Last Monday’s Cambridge City Council meeting was the place for a committed debate about the wisdom of conducting a city-wide master planning process led by the Council.
Opponents of the master plan proposal wonder if the master plan discussion really is just a stalking horse for a development moratorium.
Advocates of the master plan say: the situation in Cambridge has gotten out of control. Someone left the barn door open and no horses are left inside.
The battle lines are interestingly drawn. The greatest schism is the generational one, particularly in Central Square, where the discussion has been raging for quite some time. Those who support the master plan idea don't trust a 2-year planning process for Central Square known as “C2”. This group tends to be older, with many property owners among them. Some harbor a deep cynicism towards the whole effort and those who ran it: the process has been rigged from the start, the public was never really listened to, the deals done before any planning actually happened. They want a fresh look, and they want the Council, as elected leaders, to lead it.
The other side doesn't trust the master plan idea in large part because they do trust C2, and feel that to undermine it would be highly destructive to public confidence in any planning. This group has a larger contingent of younger people,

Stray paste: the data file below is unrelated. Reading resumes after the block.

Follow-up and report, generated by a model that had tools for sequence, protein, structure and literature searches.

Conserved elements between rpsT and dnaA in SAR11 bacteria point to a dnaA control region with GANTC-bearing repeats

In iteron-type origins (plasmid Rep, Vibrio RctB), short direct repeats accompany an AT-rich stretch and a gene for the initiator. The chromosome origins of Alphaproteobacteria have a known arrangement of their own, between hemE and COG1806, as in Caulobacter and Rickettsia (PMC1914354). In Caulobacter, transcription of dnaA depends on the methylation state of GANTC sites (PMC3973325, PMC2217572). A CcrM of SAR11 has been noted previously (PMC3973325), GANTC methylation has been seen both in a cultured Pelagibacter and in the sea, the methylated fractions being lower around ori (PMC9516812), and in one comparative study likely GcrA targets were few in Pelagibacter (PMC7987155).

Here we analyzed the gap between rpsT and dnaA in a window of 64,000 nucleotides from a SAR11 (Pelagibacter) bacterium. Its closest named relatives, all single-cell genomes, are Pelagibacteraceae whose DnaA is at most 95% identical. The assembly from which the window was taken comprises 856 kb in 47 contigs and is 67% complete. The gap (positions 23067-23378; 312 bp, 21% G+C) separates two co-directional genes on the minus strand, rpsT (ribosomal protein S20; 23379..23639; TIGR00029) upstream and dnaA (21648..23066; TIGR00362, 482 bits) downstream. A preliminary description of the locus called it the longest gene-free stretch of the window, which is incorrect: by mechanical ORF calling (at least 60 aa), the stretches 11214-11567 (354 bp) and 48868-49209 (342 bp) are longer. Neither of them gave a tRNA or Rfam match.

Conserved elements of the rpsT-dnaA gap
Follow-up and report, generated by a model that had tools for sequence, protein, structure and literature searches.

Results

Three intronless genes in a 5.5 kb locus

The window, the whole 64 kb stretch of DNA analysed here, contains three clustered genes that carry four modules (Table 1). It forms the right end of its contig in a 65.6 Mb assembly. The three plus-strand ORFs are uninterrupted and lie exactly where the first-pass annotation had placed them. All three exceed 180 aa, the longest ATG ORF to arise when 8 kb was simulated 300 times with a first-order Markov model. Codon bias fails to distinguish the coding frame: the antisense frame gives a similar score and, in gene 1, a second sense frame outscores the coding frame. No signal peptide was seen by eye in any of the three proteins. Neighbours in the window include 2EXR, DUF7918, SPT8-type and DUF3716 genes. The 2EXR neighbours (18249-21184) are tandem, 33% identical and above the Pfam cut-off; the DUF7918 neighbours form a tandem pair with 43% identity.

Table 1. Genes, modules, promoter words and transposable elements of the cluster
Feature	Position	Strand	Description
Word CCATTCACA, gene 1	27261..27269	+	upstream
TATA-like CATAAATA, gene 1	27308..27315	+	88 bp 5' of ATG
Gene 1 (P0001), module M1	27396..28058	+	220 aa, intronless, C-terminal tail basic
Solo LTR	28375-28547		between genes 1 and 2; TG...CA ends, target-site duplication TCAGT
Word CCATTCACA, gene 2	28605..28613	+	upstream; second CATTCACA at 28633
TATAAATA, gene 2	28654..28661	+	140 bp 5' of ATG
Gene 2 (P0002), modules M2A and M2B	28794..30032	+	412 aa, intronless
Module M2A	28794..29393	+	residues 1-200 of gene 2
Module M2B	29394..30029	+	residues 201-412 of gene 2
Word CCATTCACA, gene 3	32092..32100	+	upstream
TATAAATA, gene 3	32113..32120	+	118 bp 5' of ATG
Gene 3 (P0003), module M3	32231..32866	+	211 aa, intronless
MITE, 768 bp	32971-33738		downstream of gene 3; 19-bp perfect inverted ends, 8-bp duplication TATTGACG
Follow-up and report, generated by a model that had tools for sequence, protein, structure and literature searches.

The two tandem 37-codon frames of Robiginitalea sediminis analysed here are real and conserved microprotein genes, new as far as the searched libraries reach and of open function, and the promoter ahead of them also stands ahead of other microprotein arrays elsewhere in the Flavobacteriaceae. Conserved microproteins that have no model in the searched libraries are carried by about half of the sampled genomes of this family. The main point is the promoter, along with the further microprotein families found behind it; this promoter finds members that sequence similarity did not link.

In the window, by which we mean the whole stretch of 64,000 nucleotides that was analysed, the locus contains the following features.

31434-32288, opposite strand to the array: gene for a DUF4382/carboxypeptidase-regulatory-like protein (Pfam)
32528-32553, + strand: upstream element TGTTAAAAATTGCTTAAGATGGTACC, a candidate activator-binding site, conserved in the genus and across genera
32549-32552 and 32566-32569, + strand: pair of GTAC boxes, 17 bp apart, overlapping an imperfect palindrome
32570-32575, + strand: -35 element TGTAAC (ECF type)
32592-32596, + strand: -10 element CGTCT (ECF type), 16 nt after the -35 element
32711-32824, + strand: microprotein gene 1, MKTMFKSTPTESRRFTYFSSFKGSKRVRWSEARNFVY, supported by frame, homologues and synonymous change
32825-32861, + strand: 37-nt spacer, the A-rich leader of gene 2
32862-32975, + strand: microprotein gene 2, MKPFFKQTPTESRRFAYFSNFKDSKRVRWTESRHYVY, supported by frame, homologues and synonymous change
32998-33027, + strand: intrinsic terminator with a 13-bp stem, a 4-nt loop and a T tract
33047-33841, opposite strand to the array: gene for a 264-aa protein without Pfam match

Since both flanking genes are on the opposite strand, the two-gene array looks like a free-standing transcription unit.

newer to the city (though almost all on both sides are not originally from Cambridge). It has attracted many architects and planners.
There is a huge amount of development in Cambridge right now. It’s not just in the Kendall Square area. It’s a reflection of an economic cycle and the overall desirability of Cambridge as a place to live and to work. Most communities struggle to
capitalize on either of these. Cambridge is feeling the combined force of both at once.
To be fair, Cambridge’s many squares are what might be called swing zones. Measured by the yardstick of urban land on a major transit line in an old, established community, the nodal areas along Red Line stops (Alewife, Porter, Harvard, Central, Kendall) are underdeveloped. Often their pattern is haphazard, with single story buildings surrounded by parking lots, but all this is beginning to change.
The worst thing the City Council could do is to create a set of expectations that they could not meet, and there is simply no way that the Cambridge City Council, either at the staff level, or at the councillor level, could handle the work involved in a master plan.
The Council’s proper role is as a political body: to hear the community and interpret it — the frustrations, hopes, fears, wishes. Then the Council must make sense out of these by parceling out policies that will work for the city. That parceling will establish priorities, and in establishing priorities will be picking winners and losers. This is one thing a political body does, deciding who gets the final say.
Of course, in a city like Cambridge neither side is strong enough to win outright. If ever there was a development story that is "developing ...", this is it.